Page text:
Byline: ALEXANDER WALKER
Robert Altman knows he's 'treading on a minefield' as he turns his cameras on the English aristocracy and their servants.
Alexander Walker meets him on set
HOLLYWOOD wheelers and dealers in The Player; Paris fashion mavens in Pret-a-Porter; the Dallas ladies who lunch in Dr T and the Women. This raw, wet spring, the filmmaker who chronicled the conspicuous consumers of two continents set his multiple cameras turning on the English set of a film about the ultimate consumer society: the upstairs-downstairs world of aristocrats and their servants.
I am treading on a social minefield, says Robert Altman. Entitled Gosford Park, this is the first movie he has made in England, possibly his riskiest.
Altman, 76, sits solidly at two TV monitors, his small white beard stippling a California tan and his brown corduroys, cuffed brogues and black polo shirt padding him against the cold of the dining room in a tately home whose temperature fits game birds and goose pimples better than the illustrious cast of players he has assembled.
But if he professes apprehension at the new territory he is entering, this master social satirist of American cinema has only to look over his shoulder.
The maker of M*A*S*H, McCabe and Mrs Miller, The Long Goodbye, Nashville, A Wedding and Short Cuts looks as if he is enjoying going where few Americans ever boldly go: into a place more rarefied than space, the English class system.
Gosford Park is less a story than a complex interplay of people in the setting of a 1930s stately home where rank and title go hand in hand with scandal and murder.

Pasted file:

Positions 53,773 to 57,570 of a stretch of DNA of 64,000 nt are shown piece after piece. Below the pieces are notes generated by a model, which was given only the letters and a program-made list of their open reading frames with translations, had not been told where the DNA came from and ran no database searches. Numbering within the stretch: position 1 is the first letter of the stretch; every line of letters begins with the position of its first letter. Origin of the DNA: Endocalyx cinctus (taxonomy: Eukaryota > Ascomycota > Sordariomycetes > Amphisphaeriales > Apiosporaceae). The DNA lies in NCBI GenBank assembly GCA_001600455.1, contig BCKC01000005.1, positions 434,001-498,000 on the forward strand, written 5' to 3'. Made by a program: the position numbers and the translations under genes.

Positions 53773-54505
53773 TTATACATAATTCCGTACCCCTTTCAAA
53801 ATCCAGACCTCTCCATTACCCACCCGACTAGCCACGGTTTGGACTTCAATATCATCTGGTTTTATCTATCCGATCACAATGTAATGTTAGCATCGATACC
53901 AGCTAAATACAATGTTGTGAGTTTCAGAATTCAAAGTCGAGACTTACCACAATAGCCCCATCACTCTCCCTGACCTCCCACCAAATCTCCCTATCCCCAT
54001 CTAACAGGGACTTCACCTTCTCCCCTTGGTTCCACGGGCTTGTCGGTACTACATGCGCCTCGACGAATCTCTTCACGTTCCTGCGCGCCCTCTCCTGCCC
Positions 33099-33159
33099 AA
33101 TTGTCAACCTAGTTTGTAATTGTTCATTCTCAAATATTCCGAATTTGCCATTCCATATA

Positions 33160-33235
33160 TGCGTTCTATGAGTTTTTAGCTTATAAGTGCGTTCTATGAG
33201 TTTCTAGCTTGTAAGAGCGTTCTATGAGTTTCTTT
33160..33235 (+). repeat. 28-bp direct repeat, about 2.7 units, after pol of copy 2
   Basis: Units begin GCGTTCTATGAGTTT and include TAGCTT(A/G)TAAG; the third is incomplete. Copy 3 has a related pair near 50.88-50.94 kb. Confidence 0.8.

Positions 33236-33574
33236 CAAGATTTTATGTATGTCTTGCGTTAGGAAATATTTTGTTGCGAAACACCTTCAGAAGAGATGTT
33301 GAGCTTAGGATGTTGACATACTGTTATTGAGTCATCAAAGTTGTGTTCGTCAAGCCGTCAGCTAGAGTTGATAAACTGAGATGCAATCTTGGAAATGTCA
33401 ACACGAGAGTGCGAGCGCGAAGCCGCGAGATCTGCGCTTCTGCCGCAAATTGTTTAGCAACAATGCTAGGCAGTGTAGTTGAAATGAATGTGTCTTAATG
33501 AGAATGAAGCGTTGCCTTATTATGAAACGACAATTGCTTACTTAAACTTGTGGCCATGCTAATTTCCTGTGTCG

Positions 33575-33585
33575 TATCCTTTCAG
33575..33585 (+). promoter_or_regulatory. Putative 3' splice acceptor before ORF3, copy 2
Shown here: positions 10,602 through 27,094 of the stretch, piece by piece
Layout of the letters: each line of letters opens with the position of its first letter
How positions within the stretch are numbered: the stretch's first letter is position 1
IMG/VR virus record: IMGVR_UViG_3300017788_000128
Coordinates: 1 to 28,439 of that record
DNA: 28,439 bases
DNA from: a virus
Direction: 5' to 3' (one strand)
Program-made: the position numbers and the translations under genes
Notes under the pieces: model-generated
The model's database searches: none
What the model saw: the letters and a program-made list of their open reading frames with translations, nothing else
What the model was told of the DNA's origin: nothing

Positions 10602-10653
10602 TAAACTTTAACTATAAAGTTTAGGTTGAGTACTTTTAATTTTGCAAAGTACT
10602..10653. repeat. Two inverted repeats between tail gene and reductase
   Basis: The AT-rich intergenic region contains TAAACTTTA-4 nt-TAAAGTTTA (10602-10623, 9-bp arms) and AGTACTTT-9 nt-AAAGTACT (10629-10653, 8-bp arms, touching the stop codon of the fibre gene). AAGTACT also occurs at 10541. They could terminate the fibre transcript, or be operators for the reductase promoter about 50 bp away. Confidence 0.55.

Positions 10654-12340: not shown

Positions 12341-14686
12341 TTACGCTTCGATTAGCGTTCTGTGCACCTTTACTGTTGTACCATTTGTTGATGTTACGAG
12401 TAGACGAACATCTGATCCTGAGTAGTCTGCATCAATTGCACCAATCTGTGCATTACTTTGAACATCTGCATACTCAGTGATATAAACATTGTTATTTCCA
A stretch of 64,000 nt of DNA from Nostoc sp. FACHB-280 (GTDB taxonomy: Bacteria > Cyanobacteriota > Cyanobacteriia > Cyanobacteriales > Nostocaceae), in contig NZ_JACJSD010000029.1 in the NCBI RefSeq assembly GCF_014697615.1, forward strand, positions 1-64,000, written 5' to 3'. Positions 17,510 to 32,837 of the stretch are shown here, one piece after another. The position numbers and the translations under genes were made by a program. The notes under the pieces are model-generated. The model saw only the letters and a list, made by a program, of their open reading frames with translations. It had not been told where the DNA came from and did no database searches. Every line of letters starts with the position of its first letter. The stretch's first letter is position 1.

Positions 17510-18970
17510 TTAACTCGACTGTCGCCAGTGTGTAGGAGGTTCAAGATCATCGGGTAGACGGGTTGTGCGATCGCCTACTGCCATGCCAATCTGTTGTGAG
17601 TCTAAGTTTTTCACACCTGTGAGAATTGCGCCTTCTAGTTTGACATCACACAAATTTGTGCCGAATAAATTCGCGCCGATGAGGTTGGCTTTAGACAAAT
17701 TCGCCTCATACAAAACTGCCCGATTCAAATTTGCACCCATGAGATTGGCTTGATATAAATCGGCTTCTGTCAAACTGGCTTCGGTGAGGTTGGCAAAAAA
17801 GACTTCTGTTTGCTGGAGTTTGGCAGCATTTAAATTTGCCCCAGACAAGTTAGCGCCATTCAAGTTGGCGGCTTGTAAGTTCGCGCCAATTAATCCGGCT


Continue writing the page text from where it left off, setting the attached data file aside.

It s Ten Little Indians meets La Regle du Jeu, Altman quips, as if making the breakfast pitch to studio executives that he satirised so well in The Player. He s not entirely joking. Julian Fellowes s bespoke screenplay tailored to fit Altman s preference for multi-character scenarios was inspired by Agatha Christie, mistress of classic English crimes among the idle classes, and Jean Renoir, master scrutineer of society s hypocrisies in prewar French cinema. It is costing [pound]13.5 million, [pound]2 million of it Lottery money, an audacious budget for an authentic British movie.
But the scale is visible the moment I enter a country house in the Home Counties, seat of a landed family descended from an earl. Its owners have vacated its cupola d east wing and the central hall with its magnificent curving staircase. While they pig it in the remaining wing, Altman and his cast and crew recreate a lifestyle no aristocrats today would think it prudent to maintain, even if they could afford to.
His cast comprises the most extravagant number of stars since the all-star Murder on the Orient Express: Michael Gambon, Maggie Smith, Eileen Atkins, Alan Bates, Jeremy Northam, Charles Dance, Clive Owen, Tom Hollander, Sophie Thompson, Derek Jacobi, Kelly Macdonald, Richard E Grant, Emily Watson, Kristin Scot Thomas, Helen Mirren, James Wilby, Stephen Fry ... It must take Napoleonic generalship to put all of them through their paces.
No ... easy, says Altman. When quality comes in multiples, everyone s on their best behaviour.
Nobody dares not be professional in front of their peers. We haven t yet found the weakest link. He squints into two TV monitor screens, each masked top and bottom to define the letterbox perimeters of the cinema screen.
Andrew Dunn, who photographed The Madness of King George, oversees the two cameras being used for this scene. I squeeze in behind Altman; Fellowes behind me; behind him, a distinguished gent in striped trousers and silver tie: 83-year-old Arthur Inch ( as in measurement, sir ), former footman, under-butler, then butler to some of the great families, onetime servant to the present Queen, now punctilious monitor of any social lapses above or below stairs in Gosford Park.
The murder in this film, Fellowes admits, is quite a social lapse in fact, one character is murdered twice over. …